By Shatakshi Gawade
The future of the gharial, red-crowned roofed turtle, Indian Skimmer and several other species of the Chambal River is threatened by the Madhya Pradesh government’s plan to legalise sand mining on the banks, a crucial part of their habitat.
In December 2021, the Madhya Pradesh (MP) government proposed to the Ministry of Environment, Forest and Climate Change (MoEFCC) that sand mining be legalised at five stretches of the National Chambal Sanctuary (NCS) on an area of 292.39 ha. The standing committee of the National Board for Wildlife (NBWL) is seriously considering this proposal.
The red-crowned roofed turtle Batagur kachuga and gharial Gavialis gangeticus, both critically endangered species, use the sand banks for nesting, making sand mining a significant threat. The endangered Indian Skimmer also uses the sand banks and sand bars for resting. Meanwhile, gharial bask on sand banks. Recently, India has made a proposal to CITES to grant more protection to the red-crowned roofed turtle.
An adult male Batagur kachuga in the National Chambal Sanctuary. The red-crowned roofed turtle is a critically endangered species. India has given a proposal to United Nations CITES (Convention on International Trade in Endangered Species on Wild Flora and Fauna) to move the Batagur kachuga from Appendix II to Appendix I. Appendix I has species threatened with extinction and will ensure more protection from trade. Photo: Public domain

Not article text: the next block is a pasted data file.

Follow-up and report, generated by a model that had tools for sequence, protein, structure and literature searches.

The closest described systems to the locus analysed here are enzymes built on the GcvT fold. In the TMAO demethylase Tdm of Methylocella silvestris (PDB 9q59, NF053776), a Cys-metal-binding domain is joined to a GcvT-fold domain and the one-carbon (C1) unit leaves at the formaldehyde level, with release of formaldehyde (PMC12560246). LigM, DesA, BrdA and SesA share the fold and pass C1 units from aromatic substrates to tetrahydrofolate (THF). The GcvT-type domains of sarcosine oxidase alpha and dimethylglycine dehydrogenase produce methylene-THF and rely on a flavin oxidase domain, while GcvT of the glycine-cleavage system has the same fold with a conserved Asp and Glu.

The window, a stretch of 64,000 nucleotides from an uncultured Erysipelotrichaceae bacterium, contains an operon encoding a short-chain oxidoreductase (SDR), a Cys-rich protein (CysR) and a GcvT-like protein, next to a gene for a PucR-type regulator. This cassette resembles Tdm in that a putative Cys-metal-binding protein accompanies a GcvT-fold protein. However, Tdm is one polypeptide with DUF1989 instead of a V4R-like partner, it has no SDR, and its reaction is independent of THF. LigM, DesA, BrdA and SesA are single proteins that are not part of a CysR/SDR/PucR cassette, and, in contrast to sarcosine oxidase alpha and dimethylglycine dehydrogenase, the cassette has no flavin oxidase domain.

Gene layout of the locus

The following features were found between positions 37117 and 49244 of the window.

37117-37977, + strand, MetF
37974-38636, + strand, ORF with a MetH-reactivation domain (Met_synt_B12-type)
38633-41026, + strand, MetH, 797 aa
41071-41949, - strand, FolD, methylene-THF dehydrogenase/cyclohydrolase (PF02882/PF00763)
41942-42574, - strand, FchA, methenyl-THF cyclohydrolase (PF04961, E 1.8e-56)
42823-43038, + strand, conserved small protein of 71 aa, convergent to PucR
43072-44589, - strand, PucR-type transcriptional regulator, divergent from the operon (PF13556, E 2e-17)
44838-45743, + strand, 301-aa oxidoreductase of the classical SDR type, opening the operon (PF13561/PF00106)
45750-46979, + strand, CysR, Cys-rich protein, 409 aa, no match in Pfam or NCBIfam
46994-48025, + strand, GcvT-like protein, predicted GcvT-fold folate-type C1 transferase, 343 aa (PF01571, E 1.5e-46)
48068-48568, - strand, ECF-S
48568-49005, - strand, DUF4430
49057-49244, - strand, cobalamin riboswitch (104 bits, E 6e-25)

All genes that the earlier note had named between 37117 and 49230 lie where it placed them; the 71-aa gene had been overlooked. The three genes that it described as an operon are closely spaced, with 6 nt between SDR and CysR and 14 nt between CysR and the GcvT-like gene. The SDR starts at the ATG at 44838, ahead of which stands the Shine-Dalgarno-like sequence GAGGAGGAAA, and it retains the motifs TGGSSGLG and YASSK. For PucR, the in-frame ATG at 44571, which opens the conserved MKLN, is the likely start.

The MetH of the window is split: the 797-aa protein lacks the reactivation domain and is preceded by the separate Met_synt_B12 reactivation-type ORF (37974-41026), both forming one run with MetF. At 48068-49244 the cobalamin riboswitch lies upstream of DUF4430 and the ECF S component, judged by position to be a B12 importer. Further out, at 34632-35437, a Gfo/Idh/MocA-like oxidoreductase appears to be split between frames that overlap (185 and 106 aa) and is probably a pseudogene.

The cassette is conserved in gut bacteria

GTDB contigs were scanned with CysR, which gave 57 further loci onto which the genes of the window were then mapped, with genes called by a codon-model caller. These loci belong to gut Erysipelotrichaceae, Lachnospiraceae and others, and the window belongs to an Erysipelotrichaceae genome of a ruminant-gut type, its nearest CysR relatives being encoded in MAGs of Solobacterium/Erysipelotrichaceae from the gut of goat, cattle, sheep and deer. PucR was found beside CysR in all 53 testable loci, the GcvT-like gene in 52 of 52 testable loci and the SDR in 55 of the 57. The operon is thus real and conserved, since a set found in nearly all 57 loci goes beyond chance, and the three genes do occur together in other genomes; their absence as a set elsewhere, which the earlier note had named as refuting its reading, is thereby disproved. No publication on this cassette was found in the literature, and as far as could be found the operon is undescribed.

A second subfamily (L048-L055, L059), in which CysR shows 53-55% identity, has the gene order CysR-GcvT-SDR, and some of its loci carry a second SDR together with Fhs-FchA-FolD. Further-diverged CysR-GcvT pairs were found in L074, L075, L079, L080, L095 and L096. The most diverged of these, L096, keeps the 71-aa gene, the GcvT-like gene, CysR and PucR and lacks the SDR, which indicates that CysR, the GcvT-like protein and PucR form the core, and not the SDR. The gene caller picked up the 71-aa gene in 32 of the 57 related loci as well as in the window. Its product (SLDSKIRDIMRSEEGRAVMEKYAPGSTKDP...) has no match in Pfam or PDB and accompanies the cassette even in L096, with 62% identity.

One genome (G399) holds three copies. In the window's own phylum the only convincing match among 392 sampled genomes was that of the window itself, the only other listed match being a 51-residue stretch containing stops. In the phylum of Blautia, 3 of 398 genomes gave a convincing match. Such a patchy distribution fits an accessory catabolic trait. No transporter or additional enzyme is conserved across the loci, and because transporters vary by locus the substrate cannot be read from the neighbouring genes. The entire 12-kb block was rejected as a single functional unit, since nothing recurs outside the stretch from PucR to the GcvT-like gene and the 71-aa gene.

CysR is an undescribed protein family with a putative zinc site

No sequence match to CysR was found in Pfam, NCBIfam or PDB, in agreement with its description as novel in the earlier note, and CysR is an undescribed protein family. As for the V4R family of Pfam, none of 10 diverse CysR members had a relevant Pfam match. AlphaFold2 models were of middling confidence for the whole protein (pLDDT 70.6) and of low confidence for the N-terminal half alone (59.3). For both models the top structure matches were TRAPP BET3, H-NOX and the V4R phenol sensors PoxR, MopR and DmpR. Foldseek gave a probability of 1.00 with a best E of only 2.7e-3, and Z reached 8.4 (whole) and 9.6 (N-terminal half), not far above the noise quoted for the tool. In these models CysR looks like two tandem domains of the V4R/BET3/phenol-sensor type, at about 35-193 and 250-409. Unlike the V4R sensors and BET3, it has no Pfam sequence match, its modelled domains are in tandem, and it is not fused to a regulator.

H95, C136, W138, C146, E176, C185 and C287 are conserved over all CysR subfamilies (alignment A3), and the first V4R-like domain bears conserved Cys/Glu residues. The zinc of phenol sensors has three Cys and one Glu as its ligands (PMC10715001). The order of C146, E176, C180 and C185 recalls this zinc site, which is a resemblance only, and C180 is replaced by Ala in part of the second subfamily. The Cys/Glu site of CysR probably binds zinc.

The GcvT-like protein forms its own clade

Experts point out that all the stretches proposed for sand mining are not equal in terms of impact. Two of the five selected stretches are upstream on one of Chambal’s tributaries (the Parbati river), two are above Rajghat near Morena, and one is right downstream near Udi Bhind Bridge of the NCS. The Udi Bhind site is a prime nesting area for the gharial, red-crowned roofed turtle and Indian Skimmer, and sand mining at this location will have a far more adverse impact on wildlife than the others. Experts believe that ideally, each site should be considered with respect to its potential impacts, and then the proposal should go forward, but only in the minimal impact areas if all of the other safeguards are exhausted.
A gharial male on the banks of the Chambal River. Both sexes of the Gavialis gangeticus have a long, narrow snout, and the adult male has a ‘ghara’, a bulbous growth, at the tip. The males can grow up to 6 m.,while the female can grow to 4.5 m. Photo: Saurabh Sawant
Riverside observers report an increase in illegal sand mining at the river over five years. During the COVID-19 pandemic lockdowns, this activity greatly accelerated as people returned to the area and figured out ways to make money. Everyone with a tractor and trolley at the ready, began excavating sand from the Chambal for cash in hand. A SANDRP report notes large-scale illegal sand mining throughout the NCS across shorelines in MP, Rajasthan and Uttar Pradesh.